5 Resources for Building Relationships During School Closures
Caring, Trusting Relationships—we’re glad this XQ School Design Principle is our guiding theme this month. Forging and maintaining strong relationships is what will get us through these school closures, remote learning, and loss of human interaction altogether.
And remember, just because you’re doing this remotely, doesn’t mean you have to do it alone. You can lean on your XQ fam for support now, and always.
ADJUST: Strategies to Reach to All Students
It’s crucial to offer students as many touchpoints as possible to make them feel connected to you, their peers, and the school community as a whole.
Why it matters: While scheduling time to connect with students in real-time is important, it’s not always possible. The Learning Accelerator shares effective strategies educators have been using to reach as many students as possible:
- Record yourself doing routines you want students to do
- Use a variety of video and audio platforms
- Offer multiple session times
Extra credit: Get teacher tips for using Zoom and Google Classrooms.
CHAT: Keeping Your Remote Community Healthy
Remote learning isn’t a replication of what you were doing before. It’s an opportunity to rethink learning in new spaces.
Why it matters: Nearly a decade of research from Global Online Academy says balance is fundamental to keeping you and your students’ remote community healthy. Here are some quick tips on where to start:
- Be active on every thread and responsive to every post
- Designate longer chunks of time for deeper work
- Communicate in multiple ways: text, video, image, emoji
GOA has tons of resources, including classes, printable handouts, and school leader roundtables.
Extra credit: Take a course on designing lessons for online learning.
TRY: Creative Ways to Stay Connected
When schools had to close their doors to prevent the spread of coronavirus, educators like you barely had a chance to say goodbye to your students.
Why it matters: There’s no real substitute for seeing your students daily, nor should there be. It’s crucial to student learning (and yours) to find ways to stay connected with them. We Are Teachers shares ways to do that:
- Send a letter to your students via snail mail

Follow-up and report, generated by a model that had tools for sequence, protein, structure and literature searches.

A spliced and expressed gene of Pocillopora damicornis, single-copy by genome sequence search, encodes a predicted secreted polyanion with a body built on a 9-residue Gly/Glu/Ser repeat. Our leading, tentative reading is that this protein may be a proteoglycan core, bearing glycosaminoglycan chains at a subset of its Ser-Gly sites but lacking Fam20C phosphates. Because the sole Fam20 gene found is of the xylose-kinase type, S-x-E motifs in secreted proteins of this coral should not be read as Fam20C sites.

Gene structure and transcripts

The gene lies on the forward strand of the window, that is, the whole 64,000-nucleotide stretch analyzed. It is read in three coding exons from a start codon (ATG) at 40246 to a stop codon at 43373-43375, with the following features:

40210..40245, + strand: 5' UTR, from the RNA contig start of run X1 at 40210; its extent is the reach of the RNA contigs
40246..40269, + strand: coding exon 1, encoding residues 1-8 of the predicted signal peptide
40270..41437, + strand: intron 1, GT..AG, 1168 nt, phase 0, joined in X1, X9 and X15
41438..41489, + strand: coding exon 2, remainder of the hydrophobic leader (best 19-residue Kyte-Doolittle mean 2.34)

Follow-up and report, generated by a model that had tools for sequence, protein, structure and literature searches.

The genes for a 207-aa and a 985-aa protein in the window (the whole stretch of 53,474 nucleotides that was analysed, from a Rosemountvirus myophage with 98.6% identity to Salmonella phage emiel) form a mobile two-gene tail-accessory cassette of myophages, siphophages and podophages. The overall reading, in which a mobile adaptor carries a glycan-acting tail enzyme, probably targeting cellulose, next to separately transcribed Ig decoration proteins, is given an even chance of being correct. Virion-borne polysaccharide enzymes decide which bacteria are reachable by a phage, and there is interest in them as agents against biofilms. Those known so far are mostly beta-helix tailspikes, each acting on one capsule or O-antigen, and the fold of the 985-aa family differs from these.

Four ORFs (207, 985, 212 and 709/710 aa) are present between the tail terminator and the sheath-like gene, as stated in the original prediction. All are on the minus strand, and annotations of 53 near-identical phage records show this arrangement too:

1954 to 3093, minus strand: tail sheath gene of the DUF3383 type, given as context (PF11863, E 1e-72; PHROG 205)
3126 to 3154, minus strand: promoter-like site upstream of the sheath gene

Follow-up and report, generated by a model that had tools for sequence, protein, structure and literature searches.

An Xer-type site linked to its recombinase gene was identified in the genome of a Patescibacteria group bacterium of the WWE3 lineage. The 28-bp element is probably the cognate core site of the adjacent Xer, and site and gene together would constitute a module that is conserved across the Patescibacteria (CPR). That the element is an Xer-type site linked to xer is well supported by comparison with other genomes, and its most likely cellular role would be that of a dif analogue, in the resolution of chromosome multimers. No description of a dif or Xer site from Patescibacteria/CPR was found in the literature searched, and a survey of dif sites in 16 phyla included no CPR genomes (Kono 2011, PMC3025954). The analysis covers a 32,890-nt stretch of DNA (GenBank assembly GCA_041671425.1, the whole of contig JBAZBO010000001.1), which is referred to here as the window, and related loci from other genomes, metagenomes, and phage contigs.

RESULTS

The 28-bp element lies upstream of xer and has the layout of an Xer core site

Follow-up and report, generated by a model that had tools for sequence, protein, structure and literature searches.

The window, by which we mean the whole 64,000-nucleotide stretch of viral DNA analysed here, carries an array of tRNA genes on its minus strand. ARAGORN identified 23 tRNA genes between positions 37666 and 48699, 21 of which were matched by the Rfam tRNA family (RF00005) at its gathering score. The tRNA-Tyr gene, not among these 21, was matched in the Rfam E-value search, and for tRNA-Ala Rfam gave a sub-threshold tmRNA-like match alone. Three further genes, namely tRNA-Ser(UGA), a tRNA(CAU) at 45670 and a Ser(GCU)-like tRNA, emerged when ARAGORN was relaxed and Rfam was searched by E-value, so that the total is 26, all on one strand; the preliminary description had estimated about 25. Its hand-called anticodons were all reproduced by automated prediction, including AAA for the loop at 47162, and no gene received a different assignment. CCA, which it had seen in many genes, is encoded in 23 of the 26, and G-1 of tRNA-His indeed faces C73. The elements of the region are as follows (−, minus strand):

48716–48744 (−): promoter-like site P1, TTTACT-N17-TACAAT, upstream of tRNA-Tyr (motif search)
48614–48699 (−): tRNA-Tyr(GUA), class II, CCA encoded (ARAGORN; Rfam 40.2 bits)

- Call students individually to see how they’re doing
- Remember that you matter and that your best is all you can give
Extra credit: More fun ways teachers are building classroom community.
SHARE: What XQ Schools Have Learned So Far
At XQ, we believe a big part of rethinking high school is coming together as a community to share learnings.
Why it matters: Remote learning is new to so many of us. Sharing challenges, solutions, and innovative ideas is how we’ll get through this tough time, together. Here are some of our learnings:
- Establish new routines and rituals early
- Plan for learning at the system level
- Tap into an innovation mindset
- Build in regular “beats” for connection
- Create structures to meet students where they are
Extra credit: See how XQ schools put these tips into action.
(Stay tuned for weekly learnings like these.)
TALK: How to Ensure Every Voice is Heard
At XQ school, Círculos—as their name implies—circles are the foundation of their teaching and learning experience. And now, virtual circles serve as their key to making it through this difficult time.
What are circles: a regularly scheduled practice where a group of educators, students, families, or all of the above get in a circle to discuss a specific topic or prompt.
Why it matters: Circles give every stakeholder an opportunity to listen to differing viewpoints while also acknowledging every voice in the space. Here’s where Círculos suggests starting:
- Create a circle schedule with small groups of students
- Create a circle schedule with small groups of colleagues, too
- Meet with your circle at least twice a week
Extra credit: Find out how they made sure every student had WiFi access.
Schools may be closed, but minds are still open
They say when the going gets tough, the tough get going. And that’s exactly what the education community did in this time of need.
We’re proud to join dozens of education organizations in the Wide Open School partnership. It’s a place where educators and families can find trusted learning resources, including:
- Safe technology and media appropriate for students
- Learning experiences organized by subject and grade
- Suggested daily schedules